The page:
Let’s face it. Hair is your crowning glory and you would do anything to have longer, thicker, shinier tresses. You might already have a hunch or it may come as a surprise, some of the hair solutions that you read online or hear from friends are myths. Yes, they’re just not true.
For example, hair must be brushed 100 times a day or it won’t be healthy. Have you heard that before? If you have and following it, kindly stop. Brushing creates friction and if you put your hair through 100 strokes of that, your hair will be damaged, especially if you already have weak, fragile and thin locks.
Simply put, if you want to protect your hair (that you still have), it’s time to separate the myths about hair care from facts.
Myth 1 – Regular Oiling Clogs the Scalp by Attracting Dirt
For every scalp, there is an optimum level of oiling and this depends on the humidity levels, season and how frequently one shampoos their hair. Also, give then level of pollution and dust, it is not a secret that dirt and pollution will find its way into every exposed part of your body – skin and hair.
The beauty industry will constantly tell you to avoid oiling your hair and use serums instead. But, serums make your hair greasier as well, just like oil. However, does not offer the nourishment to the scalp and hair that oil does. So, the next time that you pick up a bottle of coconut hair oil, jasmine hair oil or jojoba hair oil, do not let such false stories discourage you. Pour a few drops on your palm and properly massage it to your scalp.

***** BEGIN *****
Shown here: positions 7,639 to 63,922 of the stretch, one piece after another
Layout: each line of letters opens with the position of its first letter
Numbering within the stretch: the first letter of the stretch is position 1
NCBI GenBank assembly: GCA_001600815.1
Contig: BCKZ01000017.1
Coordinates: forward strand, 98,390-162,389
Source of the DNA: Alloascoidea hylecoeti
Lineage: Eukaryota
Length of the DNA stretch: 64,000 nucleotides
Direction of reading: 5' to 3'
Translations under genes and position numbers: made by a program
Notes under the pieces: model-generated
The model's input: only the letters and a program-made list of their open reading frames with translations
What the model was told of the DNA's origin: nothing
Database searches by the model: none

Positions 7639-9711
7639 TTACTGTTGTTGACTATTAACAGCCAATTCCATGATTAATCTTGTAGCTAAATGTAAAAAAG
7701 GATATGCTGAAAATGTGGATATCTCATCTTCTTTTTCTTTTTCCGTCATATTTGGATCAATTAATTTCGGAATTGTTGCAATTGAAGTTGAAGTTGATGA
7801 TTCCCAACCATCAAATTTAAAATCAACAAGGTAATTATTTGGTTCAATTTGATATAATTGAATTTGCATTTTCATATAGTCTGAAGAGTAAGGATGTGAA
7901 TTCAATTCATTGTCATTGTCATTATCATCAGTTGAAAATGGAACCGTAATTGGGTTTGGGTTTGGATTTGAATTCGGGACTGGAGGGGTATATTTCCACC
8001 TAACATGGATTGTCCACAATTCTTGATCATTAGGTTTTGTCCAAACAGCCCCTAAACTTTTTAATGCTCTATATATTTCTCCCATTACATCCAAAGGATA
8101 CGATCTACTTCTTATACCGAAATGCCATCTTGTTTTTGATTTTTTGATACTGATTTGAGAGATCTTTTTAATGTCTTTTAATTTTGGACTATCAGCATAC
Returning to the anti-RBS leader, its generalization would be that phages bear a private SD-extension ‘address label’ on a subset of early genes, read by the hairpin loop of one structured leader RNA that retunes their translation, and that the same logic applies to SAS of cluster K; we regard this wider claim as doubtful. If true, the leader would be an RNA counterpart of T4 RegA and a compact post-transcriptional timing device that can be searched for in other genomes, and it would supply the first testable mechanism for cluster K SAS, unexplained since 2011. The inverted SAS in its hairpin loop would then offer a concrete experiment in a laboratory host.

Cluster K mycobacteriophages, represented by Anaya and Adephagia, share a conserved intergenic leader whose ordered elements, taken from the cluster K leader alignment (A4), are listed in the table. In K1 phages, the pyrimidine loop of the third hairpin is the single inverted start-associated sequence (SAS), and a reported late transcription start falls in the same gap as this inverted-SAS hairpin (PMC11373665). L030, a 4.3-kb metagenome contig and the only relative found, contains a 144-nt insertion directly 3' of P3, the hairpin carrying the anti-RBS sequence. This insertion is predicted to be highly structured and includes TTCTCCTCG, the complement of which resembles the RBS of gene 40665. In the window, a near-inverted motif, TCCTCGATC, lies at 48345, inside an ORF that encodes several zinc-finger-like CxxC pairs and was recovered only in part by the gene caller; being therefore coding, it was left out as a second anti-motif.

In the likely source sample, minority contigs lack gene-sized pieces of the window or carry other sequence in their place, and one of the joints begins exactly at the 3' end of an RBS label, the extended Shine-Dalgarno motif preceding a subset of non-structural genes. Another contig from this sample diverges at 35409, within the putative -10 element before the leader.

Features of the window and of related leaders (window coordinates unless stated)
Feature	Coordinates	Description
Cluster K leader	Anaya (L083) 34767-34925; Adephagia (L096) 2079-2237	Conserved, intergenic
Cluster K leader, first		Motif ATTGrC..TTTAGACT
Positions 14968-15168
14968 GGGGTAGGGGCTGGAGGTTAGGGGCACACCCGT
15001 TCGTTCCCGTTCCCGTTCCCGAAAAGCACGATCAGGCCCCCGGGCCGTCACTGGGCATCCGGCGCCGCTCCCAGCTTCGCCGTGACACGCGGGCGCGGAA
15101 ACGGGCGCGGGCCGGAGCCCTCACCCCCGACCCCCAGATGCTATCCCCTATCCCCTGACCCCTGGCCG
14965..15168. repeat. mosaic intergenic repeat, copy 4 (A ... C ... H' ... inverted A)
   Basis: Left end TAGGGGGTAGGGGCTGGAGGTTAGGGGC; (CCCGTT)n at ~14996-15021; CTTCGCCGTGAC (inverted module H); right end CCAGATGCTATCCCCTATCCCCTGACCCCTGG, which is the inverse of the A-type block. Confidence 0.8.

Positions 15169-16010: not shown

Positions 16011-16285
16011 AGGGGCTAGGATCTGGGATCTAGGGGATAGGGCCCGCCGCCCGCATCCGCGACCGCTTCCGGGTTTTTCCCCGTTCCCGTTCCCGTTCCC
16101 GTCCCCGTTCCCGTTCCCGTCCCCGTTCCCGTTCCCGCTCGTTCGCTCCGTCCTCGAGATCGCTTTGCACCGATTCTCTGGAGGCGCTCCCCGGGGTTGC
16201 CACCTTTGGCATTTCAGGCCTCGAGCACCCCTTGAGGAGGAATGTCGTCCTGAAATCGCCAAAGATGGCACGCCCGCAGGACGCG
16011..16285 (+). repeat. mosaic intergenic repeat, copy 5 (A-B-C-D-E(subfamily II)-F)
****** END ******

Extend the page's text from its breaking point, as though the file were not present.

Myth 2 – Your Hair Will Grow Faster If You Cut It More Often
This is one of the biggest hair myths and easily debunked by the science of hair. Hair grows from the scalp’s follicles and by cutting your hair, you are not affecting the root in any way. Also, hair follicles are linked to genetics. While there do exist some solutions and products that are said to help improve or grow follicle count, trimming or cutting hair does not affect hair growth. If you want your hair to grow, you might consider using amla hair oil as this oil is well-known for boosting hair growth.
Myth 3 – For Shiny Hair, Wash with Cold Water
In skincare, it is said that rinsing or splashing cold water helps in closing the pores after a beauty treatment. But, science is different for hair. There is zero proof that washing with cold water makes any difference to hair than washing hair with warm water or even hot water.
However, it is recommended by experts to aim the spray of water or showerhead away from the scalp. It should be toward the mid-shaft of the hair. It is easy to understand why. The direct force of the water on your scalp will put a lot of pressure, which might lead to breaking a few strands.
Myth 4 – If You Have Thin or Oily Hair, Do Not Condition
Not true. Excess sebum in the scalp results in oily hair. Thin hair can be attributed to previous damage or genes. By not conditioning your hair, you will be doing a gross disservice to your natural mane.
But, yes, there are two things you need to do: